An error occurs when an individual is not adapted to the social environment or when the latter is subject to degradation. As a consequence, it is associated with the processuality which enforces activity aimed at restoring the state from before the individual’s crisis functioning or at searching for solutions to improve the living conditions. A complete return to the events of the past is ultimately impossible as facts are idealised, which makes us realise that there is no transplantation in social being. Any attempt to restore history does not take into account the multi-element nature of complex situations in a changing historical system. Referring to the past without considering the present and the future leads to false ideas that serve, for example, to shape social myths which are used as ideologies to manipulate society. For example, the myths of the Great Empire, the Great Reich, a country of wealth stretching from sea to sea, or a country with a sphere of influence from Asia to the Elbe are based on erroneous, often fictitious assumptions aimed at creating a better future inspired by a modified past. The truth is quite different. The empire offers low socio-economic prosperity, while feudal exploitation in the country and the dictatorship of power in the authoritarian state do not bring common wealth. These myths serve, above all, extreme particularism. Deideologisation protects society against dangerous forms of thinking that destroy the existing order. At the same time, it is used to maintain an economic system based on social inequality. Individual people – as well as the social forms of their interference – should act ‘purely rationally’; then there will be no more genuine conflicts at all, nor will there be any free field of ideology; purely ‘objective’ differences succumb to purely ‘objective’ regulation through rational agreements, compromises, and so on. Deideologisation therefore means unlimited manipulability and manipulation of the entire human life. Therefore, this attitude towards reality essentially recognises only the existence of particular people. This form of being is a hidden way of ideologising using the concept of freedom to emphasise the importance of particular values related to property. Manipulation is a common form of influence that uses positive and rational social values for personal gain. A strategy that disguises intent, usually based on famous scientific, philosophical and artistic ideas, makes counteraction impossible. An attempt to reveal its hidden functioning mechanisms leads to the emergence of opportunistic attitudes. It is believed that reality is exactly as it is represented by universal manipulation. Therefore, if you are a rational person, you cannot oppose – in the form of a sharp negation – this universality without also speaking internally for something that is wrong. An error is deliberately used for manipulation and enables the introduction of changes or the maintenance of the existing situation. Adulteration treated as hidden facts can be appropriately used by decision-makers at the top of the economic ladder who are interested in maintaining the status quo of social organisation. These issues are discussed by Joseph E. Stiglitz, the American Nobel Prize winner in economics, who questions the theory of trickle-down economics. He draws attention to the specificity of economic investments in a globalised world (tax free zones, absolute additional values, investment mobility). He reveals the systemic consequences of increasing social inequality. Actions supporting the growth of social polarisation are destructive as ‘the gains to winners are less than the losses to the losers’. Neoliberal policies, particularly in economically less developed countries, which maintain disproportions in the economic status of societies, lead to the bending of facts. Controlling the less affluent part of society is possible with the use of simple, common solutions, which are often based on false information. The resulting ideologies usually do not solve the problem, but trigger primitive social responses giving short-term benefits. They arise unconsciously in a complex system (the society in itself), frequently causing the emergence of extreme nationalist and imperialist attitudes creating social conflicts. Focusing solely on particularism ignores social benefits, such as: ‘steady jobs and decent incomes for “the most numerous and the poorest class,” abundance and welfare for all, new modes of community …’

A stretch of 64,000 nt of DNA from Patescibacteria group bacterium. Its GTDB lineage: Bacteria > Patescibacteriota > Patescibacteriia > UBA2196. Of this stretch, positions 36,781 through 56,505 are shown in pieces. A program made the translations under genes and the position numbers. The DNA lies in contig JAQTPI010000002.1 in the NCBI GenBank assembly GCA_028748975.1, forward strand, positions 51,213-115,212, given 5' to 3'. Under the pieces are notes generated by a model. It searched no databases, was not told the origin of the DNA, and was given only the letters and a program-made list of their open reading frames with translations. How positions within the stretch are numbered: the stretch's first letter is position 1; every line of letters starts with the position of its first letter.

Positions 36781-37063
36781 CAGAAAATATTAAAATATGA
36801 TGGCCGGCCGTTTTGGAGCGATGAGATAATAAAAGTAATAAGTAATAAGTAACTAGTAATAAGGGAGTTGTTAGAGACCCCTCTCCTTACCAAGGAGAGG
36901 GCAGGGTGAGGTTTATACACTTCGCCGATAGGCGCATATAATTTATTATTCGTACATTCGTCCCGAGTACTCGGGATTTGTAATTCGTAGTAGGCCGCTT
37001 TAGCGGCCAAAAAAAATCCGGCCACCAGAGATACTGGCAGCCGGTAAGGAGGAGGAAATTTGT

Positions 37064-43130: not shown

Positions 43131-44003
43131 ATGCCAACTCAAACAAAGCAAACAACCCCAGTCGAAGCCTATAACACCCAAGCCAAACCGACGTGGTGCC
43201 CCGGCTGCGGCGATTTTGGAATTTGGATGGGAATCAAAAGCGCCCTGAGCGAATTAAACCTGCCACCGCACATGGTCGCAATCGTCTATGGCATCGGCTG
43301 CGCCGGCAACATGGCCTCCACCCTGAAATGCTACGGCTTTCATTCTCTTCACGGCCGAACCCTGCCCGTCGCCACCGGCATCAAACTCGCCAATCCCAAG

The detection of an error can be a turning point in action. It limits life stagnation and also makes it possible to take action to improve the socio-economic situation. Marshall Berman, an American philosopher, points out that ‘[i]n this world, stability can only mean entropy, slow death, while our sense of progress and growth is our only way of knowing for sure that we are alive. To say that our society is falling apart is only to say that it is alive and well.’ Referring to art, creative activities that define the hitherto existing reality as defective and imperfect introduce improvements and transform the human environment. The positive impact of creativity on social development is possible after overcoming the obstacles resulting from the activity of the market, which can absorb even the most radical opposing attitudes.
This system requires constant revolutionizing, disturbance, agitation; it needs to be perpetually pushed and pressed in order to maintain its elasticity and resilience, to appropriate and assimilate new energies, to drive itself to new heights of activity and growth. This means, however, that men and movements that proclaim their enmity to capitalism may be just the sort stimulants capitalism needs.
Any attempt to stop changes or merely simulate reforms is an ultimate fixation on the present time subjected to consumer culture. In this situation, artistic activities play a significant role, giving the opportunity to participate in the process of society’s development. At the same time ‘it is not about (actual) activated teleological processes, but only about trying to exert an appropriate teleological influence on causal processes’.
 It is worth noting here that it is not about a simple conflict between society and an individual, which ultimately involves shaping individuality independently of society.
 Cf. György Lukács, Toward the Ontology of Social Being, Vol. 2, London: Merlin Press, 1978, p. 1084.
 Cf. Ibid., p. 1120.
 Cf. Ibid., p. 1151.
 Joseph Stiglitz, The Price of Inequality: How Today’s Divided Society Endangers Our Future, http://resistir.info/livros/stiglitz_the_price_of_inequality.pdf (accessed on 5 May 2022; online version; no pagination).
 Ibid., p. 33.
 Marshall Berman, All that is Solid Melts Into Air: The Experience of Modernity, London and New York: Verso, 1983, p. 73.
 Ibid., p. 95.
 Ibid., p. 118.
 Cf. György Lukács, op. cit., Vol. 3.